The most famous person I ever interviewed was “America’s Top Psychic” Kenny Kingston. The only politicians I hung out with were the small-town city council members who judged the Pioneer Days Outhouse Races. I was once stalked by a reader who sent me letters about skinning women. Yeah. The police got involved in that one.
Granted, humping Superman was one of the few job perks, but the rest was a mostly crazy, sad, dangerous, thankless job that often involved phone conversations like this one:
Me: “Hello? This is Lois Lane with the Daily Planet.” (Not really, but names are changed to protect the not-so-innocent.)
Caller: “You hate my son’s school!”
Me: “Which school is that, ma’am?”
Caller: “West Shitborough High School! All you ever write about is EAST Shitborough High.”
Me: “I wrote about West Shitborough last week. Every week, I alternate schools.”
Caller: “I bet you graduated from East Shitborough!”
Me: “No, I just moved here from the other side of the country. I don’t have a preference for either East or West Shitborough.”
Caller: “Well, you screwed up all of your information. The principal’s name is Mrs. BROWN, not Mrs. BRAWN.”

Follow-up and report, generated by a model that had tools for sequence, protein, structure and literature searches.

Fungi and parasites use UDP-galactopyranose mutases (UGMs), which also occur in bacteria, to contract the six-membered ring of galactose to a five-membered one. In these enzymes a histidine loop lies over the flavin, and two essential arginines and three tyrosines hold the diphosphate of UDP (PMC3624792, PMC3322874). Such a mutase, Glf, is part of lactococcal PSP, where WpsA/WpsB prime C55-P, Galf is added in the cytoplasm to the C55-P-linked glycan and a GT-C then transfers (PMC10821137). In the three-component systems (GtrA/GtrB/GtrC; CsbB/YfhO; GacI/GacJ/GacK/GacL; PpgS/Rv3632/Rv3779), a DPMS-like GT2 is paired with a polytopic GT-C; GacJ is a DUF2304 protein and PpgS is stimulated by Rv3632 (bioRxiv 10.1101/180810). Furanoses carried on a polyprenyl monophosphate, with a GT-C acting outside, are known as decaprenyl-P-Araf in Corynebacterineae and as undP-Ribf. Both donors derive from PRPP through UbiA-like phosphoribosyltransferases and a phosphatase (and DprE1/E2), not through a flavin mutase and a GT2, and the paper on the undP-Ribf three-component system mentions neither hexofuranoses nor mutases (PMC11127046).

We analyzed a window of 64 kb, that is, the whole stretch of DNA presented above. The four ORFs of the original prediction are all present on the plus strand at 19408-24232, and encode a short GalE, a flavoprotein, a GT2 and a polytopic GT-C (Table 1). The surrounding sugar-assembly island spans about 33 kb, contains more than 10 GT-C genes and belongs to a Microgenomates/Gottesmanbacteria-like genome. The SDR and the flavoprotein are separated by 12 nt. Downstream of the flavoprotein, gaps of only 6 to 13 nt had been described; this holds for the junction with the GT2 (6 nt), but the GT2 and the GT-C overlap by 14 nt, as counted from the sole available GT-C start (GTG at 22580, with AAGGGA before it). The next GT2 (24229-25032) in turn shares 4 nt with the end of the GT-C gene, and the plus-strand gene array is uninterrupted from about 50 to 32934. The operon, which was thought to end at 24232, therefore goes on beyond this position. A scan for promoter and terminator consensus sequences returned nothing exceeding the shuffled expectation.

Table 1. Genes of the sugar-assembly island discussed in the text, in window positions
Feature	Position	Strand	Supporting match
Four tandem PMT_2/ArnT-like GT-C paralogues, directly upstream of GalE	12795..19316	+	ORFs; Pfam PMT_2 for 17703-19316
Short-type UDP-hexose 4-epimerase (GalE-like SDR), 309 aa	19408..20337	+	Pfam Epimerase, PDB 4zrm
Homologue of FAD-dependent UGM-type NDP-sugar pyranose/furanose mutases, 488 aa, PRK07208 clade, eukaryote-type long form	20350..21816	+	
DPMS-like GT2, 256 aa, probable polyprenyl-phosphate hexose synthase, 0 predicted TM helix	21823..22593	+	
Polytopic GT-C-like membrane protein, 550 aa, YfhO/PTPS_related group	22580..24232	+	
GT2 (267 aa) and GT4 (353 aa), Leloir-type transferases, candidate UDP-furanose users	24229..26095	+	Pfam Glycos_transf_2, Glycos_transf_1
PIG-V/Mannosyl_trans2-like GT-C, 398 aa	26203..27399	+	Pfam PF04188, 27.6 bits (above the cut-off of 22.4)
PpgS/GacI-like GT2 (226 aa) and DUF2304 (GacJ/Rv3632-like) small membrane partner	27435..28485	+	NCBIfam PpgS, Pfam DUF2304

Me: “Yes, I know. My editor changed it. We had an argument and he insisted he knew her personally.”
Caller: “So, it’s your editor who hates West Shitborough!”
Me: “Yes. Would you like me to transfer you to him?”
Caller: “No, I want to keep yelling at you! YOUR name is in the byline!”
So, why didn’t I leave for a better-paying, less-stressful job? Because I believe with my whole heart and mind in freedom of the press. Because I loved being a part of something that was so important to so many people — information. And I’ll not deny that my passion for printers ink poured into my novel, Stellarnet Rebel, though journalists are replaced by interstellar bloggers, in my version of the future.